A reader wrote…
“I am reading with great interest your writings related to Mr. Phadnis. I have not read his blog in full but plan to. What I note from bits and pieces I read is that he (Mr. Phadnis) runs from one opinion to another without any consistency. As if he discards something when not good for his opinion and accepts someone’s opinion when good for his thinking”
Although I sympathize with the reader and I also agree that Shri. Phadnis may not be following a consistent methodology, I want to emphasize that the problem is hardly limited to Shri. Phadnis. The problem is wide spread, beyond Shri Phadnis, beyond Mahabharata research and beyond history research.
I will encourage curious readers to read ‘Truth, Rationality, & The growth of knowledge’ by Sir Karl Popper (one may google it to access it, I suppose).
Those who want to read blog of Shri Phadnis, the link is here
I have written in the past, in brief, about the idea of objective truth, i.e. truth as correspondence to the facts.
The difficulties in understanding this objective theory seem to have, according to Popper, two sources:
(1) The combination of an extremely simple intuitive idea (correspondence to the facts) with a certain amount of complexity in the execution of the technical program to which it gives rise.
(2) Widespread but mistaken dogma – a satisfactory theory of truth should yield a criterion of true belief. — of well-founded, or rational belief.
This dogma underlies the three rivals of the correspondence theory of truth.
(1) The Coherence theory – which mistakes consistency for truth
(2) The Evidence theory – which mistakes ‘known to be true’ for ‘true’
(3) The Prgmatic or instrumentalist theory – which mistakes usefulness for truth.
They are subjective in the sense that they all stem from the fundamental subjectivist position which can conceive of knowledge only as a special kind of mental state, or as a disposition, or as a special kind of belief, characterized, for example, by its history or by its relation to other beliefs.
These subjective theories of truth try to define truth in terms of sources or origin of our beliefs, or in terms of our operations of verification, or of some set of rules of acceptance, or simply in terms of the quality of our subjective convictions.
I will end this note by quoting recent blog article (in full) of Shri Phadnis (again, only as an illustration). I will highlight in bold those passages which provide good illustrations of the subjective theories mentioned above. I will leave it to readers to identify which is which.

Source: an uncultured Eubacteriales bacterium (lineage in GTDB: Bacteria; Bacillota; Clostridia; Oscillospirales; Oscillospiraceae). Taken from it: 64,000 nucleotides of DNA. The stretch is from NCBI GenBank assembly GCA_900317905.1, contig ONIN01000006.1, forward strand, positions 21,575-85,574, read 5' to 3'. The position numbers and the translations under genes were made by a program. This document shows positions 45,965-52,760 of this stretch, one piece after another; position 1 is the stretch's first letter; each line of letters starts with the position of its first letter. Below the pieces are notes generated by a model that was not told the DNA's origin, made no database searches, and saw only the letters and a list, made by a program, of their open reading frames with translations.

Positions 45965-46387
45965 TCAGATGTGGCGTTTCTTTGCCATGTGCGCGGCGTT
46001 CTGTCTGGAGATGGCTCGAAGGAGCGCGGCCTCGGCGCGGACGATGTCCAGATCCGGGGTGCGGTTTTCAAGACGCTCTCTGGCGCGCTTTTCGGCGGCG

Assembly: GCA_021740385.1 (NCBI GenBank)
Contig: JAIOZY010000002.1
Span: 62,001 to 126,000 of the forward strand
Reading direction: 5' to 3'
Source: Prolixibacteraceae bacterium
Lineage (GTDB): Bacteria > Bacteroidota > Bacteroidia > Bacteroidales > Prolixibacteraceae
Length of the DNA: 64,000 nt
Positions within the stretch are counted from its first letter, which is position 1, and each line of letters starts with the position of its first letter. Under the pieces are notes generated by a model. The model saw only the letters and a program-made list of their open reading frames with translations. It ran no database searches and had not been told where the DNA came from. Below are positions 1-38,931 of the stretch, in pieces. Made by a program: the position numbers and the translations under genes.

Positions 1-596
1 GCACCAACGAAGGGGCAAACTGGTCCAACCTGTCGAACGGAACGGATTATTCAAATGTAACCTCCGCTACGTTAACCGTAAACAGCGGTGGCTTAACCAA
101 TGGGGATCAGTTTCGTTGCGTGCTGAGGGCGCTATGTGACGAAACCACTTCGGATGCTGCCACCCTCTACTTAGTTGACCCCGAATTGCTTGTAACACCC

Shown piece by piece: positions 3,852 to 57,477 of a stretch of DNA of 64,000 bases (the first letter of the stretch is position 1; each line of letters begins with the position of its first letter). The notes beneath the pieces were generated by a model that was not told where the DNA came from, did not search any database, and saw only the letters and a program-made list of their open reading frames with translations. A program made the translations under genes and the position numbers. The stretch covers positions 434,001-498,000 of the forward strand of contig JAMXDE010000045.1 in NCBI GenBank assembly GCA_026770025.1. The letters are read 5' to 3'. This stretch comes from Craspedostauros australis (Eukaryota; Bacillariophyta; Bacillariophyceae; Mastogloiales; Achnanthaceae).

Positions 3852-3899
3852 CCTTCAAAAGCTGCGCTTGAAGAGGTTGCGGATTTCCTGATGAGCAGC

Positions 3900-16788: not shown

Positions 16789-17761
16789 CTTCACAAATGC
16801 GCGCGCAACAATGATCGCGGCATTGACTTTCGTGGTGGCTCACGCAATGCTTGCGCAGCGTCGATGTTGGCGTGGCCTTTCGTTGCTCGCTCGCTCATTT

Recent blog article of Shri Phadnis follows:
“KrishnaShishtai Timeline Contd.
I deliberately omitted all astronomical references in the narration so far. The story without them, as you can see, is complete, consistent and logical. I mentioned that Krishna took Karna with him when he left Hastinapur. The event is described in the Text in an indirect manner, Sanjaya telling the Kurus, what he heard. It is quite likely that Krishna never told Karna that he was Kunti’s son! If he did and Sanjaya somehow came to know of it and told the Kauravas, it was no longer a secret. In that case everybody except the Pandavas came to know the secret! Would Krishna betray Kunti’s trust in this manner even if Kunti had told him the secret? As stated in the text, Yudhishthira came to know of the secret from Kunti herself, after the war was over! And he blamed her for not telling this earlier. Nobody blames Krishna for keeping it secret.
Maybe, Kunti had never told the secret to Krishna or if she did,he kept it to himself. Kunti alone had tried to persuade Karna but failed. Maybe, the whole dialogue between Krishna and Karna on this subject never took place and is interpolated later to whitewash the image of Karna as a true friend of Duryodhan! May be, the interpolator inserted it in a clumsy manner in the mouth of Sanjaya! Quite likely, Krishna did talk to Karna but only about the evils of the war between brothers and tried to persuade him to convince his friend Duryodhana to be reasonable but when Karna did not budge, sent the message to meet on Kurukshetra for war! All this of course has nothing to do with tithis and Nakshatras except for the last part of the dialogue.
Enter the researchers! They start analyzing the astronomical references. It is mentioned in the text that Krishna left Upaplavya on Revati nakshatra. Then, after the talk with Karna, before departing, Krishna says, ‘After seven days, there is Jyeshthaa amavasya. Jyeshthaa’s Diety is Shakra so it is Shakra amavasya, let us start the war on that day’.